Around this time, we had another closely related project where we had integrated the usability options for the entry experience. I had assisted with creating the prototype for this experience, where we had tested different use cases for entering a garage. You can see more details of the stages in the following link.
The test was ran with the user in the drivers seat, attempting to enter an IoT-enabled garage. We had surveyed the users for feelings of safety, security, and the most seamless experience overall. We had found that one-point interaction and confirmation was the safest and smoothest form our test subjects had experienced.
The Ever Handy Affinity Diagram
Integrating this experience to Chamberlain Group's developing line of residential and business gate openers was a challenge. I had to consider not only the driver's experience, but also the administrator's (either a landowner or site manager) web portal. The administrator had to be able to manage employees/residents, manage both basic and subscription information, and be able to run live diagnostics on the dongles in their system, as well as manage those dongles. The affinity chart becomes the heart and soul for the developing wireframe to come. I had decided that the administrator's experience would be through a web portal, due to its complex nature.
After collaborating, we had decided on a system where the retrofit, application, and the web portal would all connect and communicate data using Amazon Web Services (AWS). The mobile application will sense the retrofit device within a certain range and prompt a module to confirm entry, while, if applicable, the administrator would use the web portal to register a user into the system and manage permissions.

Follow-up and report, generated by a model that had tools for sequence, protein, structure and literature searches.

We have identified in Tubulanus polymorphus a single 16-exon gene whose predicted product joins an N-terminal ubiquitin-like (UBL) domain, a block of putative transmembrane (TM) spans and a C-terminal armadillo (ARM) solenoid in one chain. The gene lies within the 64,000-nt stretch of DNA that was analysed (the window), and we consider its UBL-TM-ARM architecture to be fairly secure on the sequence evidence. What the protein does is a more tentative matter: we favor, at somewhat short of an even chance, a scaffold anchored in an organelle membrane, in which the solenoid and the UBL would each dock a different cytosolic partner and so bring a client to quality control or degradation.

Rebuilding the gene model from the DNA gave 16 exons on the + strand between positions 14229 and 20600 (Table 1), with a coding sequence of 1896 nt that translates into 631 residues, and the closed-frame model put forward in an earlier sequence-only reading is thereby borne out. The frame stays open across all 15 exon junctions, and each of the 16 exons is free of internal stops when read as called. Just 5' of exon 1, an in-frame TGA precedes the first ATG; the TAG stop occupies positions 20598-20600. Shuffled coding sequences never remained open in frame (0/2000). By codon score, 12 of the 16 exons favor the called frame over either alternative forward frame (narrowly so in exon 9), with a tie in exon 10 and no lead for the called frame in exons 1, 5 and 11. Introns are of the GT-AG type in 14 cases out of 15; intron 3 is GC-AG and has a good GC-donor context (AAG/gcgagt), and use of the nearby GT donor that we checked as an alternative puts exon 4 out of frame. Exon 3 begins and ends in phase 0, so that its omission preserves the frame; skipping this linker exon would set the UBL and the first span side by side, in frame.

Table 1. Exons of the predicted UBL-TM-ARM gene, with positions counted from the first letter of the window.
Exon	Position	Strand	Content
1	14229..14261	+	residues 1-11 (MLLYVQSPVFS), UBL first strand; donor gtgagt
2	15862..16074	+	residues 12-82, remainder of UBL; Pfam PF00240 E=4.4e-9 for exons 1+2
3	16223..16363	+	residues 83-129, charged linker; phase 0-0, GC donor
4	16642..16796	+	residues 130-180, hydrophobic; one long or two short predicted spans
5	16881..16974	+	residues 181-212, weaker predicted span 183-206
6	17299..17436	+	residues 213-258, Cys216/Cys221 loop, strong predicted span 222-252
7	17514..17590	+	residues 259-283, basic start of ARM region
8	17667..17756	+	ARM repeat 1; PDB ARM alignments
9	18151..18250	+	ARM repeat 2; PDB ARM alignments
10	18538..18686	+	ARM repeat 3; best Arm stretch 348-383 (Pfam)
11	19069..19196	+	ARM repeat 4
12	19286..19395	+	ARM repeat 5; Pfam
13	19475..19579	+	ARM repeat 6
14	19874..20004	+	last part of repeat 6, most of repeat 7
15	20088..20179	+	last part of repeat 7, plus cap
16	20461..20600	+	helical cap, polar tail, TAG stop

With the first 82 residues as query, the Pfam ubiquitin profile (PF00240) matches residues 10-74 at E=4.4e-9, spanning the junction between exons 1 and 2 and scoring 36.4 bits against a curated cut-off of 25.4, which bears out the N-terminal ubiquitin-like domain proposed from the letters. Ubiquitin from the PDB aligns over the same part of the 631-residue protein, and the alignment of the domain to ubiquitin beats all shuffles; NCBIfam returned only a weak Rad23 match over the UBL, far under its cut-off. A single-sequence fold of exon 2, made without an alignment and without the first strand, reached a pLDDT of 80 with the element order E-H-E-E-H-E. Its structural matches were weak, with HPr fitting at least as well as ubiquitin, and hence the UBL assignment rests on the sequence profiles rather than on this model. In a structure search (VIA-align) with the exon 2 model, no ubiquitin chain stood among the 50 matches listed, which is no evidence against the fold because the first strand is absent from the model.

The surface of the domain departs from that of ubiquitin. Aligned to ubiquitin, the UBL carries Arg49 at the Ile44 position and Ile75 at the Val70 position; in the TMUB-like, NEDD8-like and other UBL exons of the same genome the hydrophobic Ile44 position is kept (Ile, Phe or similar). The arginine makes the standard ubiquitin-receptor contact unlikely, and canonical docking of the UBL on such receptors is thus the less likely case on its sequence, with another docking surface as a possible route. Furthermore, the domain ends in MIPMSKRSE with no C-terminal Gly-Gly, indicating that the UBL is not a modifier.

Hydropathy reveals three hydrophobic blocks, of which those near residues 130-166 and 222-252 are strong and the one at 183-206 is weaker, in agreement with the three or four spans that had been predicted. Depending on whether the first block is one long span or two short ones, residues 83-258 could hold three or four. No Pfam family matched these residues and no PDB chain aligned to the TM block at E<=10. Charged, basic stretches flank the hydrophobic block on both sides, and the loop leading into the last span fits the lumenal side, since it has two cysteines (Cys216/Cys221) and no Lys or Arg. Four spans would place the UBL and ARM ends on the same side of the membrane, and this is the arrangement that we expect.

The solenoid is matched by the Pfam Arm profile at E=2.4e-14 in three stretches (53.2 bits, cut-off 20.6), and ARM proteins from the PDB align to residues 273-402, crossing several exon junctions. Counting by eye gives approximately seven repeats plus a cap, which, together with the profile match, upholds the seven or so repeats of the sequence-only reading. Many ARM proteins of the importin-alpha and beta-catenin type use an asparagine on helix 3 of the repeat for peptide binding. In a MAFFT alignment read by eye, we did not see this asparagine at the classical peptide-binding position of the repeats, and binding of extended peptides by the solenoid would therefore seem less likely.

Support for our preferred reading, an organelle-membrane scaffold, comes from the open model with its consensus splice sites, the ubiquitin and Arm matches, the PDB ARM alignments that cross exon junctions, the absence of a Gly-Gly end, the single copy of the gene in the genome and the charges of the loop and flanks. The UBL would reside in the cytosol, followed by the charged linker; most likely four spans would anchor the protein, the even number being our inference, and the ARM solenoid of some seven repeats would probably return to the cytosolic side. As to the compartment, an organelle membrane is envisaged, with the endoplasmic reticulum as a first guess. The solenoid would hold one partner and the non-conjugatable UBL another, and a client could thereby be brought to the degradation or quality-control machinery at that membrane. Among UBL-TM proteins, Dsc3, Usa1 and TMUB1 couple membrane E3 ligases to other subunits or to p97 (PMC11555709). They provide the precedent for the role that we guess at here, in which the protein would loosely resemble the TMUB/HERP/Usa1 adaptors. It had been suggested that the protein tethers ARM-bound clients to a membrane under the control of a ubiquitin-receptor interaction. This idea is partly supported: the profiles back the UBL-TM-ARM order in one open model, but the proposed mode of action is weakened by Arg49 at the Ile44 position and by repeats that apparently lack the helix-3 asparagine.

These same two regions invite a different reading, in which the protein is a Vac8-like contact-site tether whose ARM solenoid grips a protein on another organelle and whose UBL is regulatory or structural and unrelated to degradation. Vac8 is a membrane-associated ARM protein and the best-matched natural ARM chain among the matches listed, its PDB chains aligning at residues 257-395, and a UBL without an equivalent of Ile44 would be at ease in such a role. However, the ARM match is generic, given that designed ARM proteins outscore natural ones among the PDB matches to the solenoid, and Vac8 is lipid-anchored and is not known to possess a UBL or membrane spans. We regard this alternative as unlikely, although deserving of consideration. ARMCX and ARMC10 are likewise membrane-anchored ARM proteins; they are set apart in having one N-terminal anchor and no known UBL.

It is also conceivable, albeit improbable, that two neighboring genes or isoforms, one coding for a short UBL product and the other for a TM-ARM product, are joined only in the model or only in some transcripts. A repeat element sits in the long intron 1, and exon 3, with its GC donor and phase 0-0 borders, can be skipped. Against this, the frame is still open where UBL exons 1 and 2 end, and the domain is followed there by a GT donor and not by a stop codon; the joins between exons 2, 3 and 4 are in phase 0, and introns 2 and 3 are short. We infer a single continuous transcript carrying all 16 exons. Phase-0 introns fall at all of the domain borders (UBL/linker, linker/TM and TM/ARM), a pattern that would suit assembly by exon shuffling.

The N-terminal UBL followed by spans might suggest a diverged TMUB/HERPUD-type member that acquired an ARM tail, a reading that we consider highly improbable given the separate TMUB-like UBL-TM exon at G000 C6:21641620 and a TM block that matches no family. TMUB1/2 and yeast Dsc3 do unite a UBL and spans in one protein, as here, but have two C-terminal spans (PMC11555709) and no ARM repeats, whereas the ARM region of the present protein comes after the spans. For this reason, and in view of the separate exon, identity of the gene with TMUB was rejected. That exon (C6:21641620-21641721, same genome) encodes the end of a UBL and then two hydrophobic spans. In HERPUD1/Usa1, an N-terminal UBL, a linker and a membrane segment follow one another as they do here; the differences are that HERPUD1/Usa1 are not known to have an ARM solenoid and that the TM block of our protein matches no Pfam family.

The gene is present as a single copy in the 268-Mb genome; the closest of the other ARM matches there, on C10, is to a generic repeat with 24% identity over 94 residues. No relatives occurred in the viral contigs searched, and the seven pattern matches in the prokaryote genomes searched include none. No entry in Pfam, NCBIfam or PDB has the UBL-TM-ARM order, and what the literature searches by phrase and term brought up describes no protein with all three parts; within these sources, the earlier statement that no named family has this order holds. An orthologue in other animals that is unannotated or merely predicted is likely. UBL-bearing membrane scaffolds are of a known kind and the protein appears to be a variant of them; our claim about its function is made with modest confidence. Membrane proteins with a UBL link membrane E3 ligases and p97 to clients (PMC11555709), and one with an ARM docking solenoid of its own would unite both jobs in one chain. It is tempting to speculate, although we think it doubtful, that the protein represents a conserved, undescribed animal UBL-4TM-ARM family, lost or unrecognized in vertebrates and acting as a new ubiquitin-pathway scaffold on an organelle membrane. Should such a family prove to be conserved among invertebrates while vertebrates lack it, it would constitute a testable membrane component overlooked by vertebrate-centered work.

A Simple Style Guide
The service itself is created under one of Chamberlain's brand names, LiftMaster. Liftmaster traditionally brands itself as a very Arial Bold, strong, and industrial brand. One with a very dark theme with red as the accent color and white from time to time. After being told to be free to create variants on the theme, I had kept their "large, blunt, and wide" red LiftMaster logo, but aimed to create a slightly softer, cleaner, and simpler web portal model to give the user a sense of simplicity and ease.
I had adopted a soft, yet dark grey-scale, with red still as the accent color. I've changed the main title fonts to Titillium Web, Semibold, to keep a sense of that angular, strong, and bold branding, but with a more modernized look. I kept the card shapes to be sharp and clean to help hold up the strong, industrial feeling.
Web Portal Wireframes
Based off of the affinity diagram from earlier, creating screens made the design process much more efficient. Following the original sketches and the style guide, I was able to format the following screens. I wanted to use a navigation side portion to allow the user to access the different major pages of the website.
Integrating the technology into MyQ was simply taking the general form of the application and creating medium fidelity wireframes for the Senior UX Designers to work with in the future. With the wireframe on the left you can see the process I had adapted to allow the user to authenticate a guest's entry into their gated community, by giving them a pin to enter when entering the gate in a time window. This decision allows a level of security for both the resident and the landlord, while providing the latter with a way to know when guests visit.
Customer-facing Experience: GoldenGate
In essence, despite the complexities of the system, the user will mostly experience this screen when they drive up to their gated community. Having conducted thorough user testing, user analytics, and checking user feedback, we can be rest assured that we have achieved our goal of creating a solid solution to have a seamless and comfortable user experience for both SpotHero and Chamberlain Products in the future. Changes will be in effect in 2019.